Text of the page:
A new interactive map is forecasting the economic impact of the COVID-19 pandemic not just on individual states, and towns, but neighborhoods, as well.
Created by BestNeighborhood.org, a property data clearinghouse, the map draws on industry data and economic projections to predict where the economy will be hardest hit by the pandemic over the next 6-12 months.
With just a bit of clicking and zooming, very precise predictions about where the economy is expected to suffer the greatest economic damage from COVID-19 can be searched down to street-level.
The map is color-coded and, at the street-level, based on local employment and industry data. Areas in the darkest red may see 20 percent or more of their workforce newly unemployed. Green areas are expected to be only nominally impacted by the pandemic.
Detailed data isn’t solely confined to major metros, the map provides a close look at just about every street, road, avenue, etc. in the U.S.
HOW WILL YOUR NEIGHBORHOOD DO POST-PANDEMIC?
For an example of just how close to the ground this data gets, take a look at the Beaver Brook and June Street neighborhoods in Worcester.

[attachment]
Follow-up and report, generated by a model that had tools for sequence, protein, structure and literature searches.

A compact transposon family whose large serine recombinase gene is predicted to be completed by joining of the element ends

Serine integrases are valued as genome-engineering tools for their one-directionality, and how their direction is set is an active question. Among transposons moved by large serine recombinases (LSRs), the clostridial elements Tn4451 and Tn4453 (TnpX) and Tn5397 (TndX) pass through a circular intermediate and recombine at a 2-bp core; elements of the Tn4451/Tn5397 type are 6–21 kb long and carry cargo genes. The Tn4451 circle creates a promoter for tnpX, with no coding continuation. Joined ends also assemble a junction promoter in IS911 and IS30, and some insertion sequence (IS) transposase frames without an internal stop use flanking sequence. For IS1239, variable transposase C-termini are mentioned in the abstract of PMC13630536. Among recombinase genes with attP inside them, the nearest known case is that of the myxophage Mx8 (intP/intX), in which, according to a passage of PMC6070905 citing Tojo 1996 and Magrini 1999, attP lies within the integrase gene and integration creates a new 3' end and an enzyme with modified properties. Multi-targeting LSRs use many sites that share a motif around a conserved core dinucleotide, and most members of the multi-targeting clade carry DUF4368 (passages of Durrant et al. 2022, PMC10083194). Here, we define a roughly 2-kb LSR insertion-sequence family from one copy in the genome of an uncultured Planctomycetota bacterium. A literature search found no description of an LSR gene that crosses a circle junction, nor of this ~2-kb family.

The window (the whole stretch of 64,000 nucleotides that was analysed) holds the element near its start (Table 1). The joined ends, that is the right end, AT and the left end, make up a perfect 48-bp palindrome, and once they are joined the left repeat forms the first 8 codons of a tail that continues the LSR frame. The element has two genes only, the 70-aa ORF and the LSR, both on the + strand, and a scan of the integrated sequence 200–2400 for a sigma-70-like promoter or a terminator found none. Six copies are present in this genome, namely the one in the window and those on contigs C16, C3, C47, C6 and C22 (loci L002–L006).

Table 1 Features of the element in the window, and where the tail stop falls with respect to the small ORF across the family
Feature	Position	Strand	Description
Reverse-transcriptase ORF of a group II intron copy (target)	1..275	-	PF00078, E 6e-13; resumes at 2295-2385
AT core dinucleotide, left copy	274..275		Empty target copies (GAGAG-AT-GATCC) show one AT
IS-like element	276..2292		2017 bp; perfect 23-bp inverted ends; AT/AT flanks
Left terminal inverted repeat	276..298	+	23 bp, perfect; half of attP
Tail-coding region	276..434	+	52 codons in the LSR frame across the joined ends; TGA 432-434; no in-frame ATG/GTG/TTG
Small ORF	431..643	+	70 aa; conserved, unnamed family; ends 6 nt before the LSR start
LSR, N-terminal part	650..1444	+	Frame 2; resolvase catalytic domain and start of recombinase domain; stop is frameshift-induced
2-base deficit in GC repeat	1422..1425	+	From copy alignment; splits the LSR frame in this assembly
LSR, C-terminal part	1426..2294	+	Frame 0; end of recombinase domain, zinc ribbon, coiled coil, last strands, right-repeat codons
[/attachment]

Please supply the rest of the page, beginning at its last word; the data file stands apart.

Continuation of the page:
According to BestNeighborhood’s research, the south side of Chandler Street’s economy is expected to struggle more so than the north side of the street (from Longfellow Road and June Street).
Furthermore, just east of Longfellow Road, in the June Street Neighborhood, is a three-block section of the city where the economy is expected to be only slightly impacted. This area includes Coolidge, Commodore, and Copley roads.
Looking at the national data, researchers noticed some trends:
- Many small cities will likely be hit hardest - among the most impacted cities and towns of all sizes, 77 are small towns with populations under 10,000 people.
- Larger cities, on average, are expected to lose about 5 percent or more of the local economy.
- Across the U.S., the city that is forecast to be least impacted by the pandemic is Cambridge, Massachusetts. The city that will be the worst hit will likely be Spring Valley, Nevada, according to the report.
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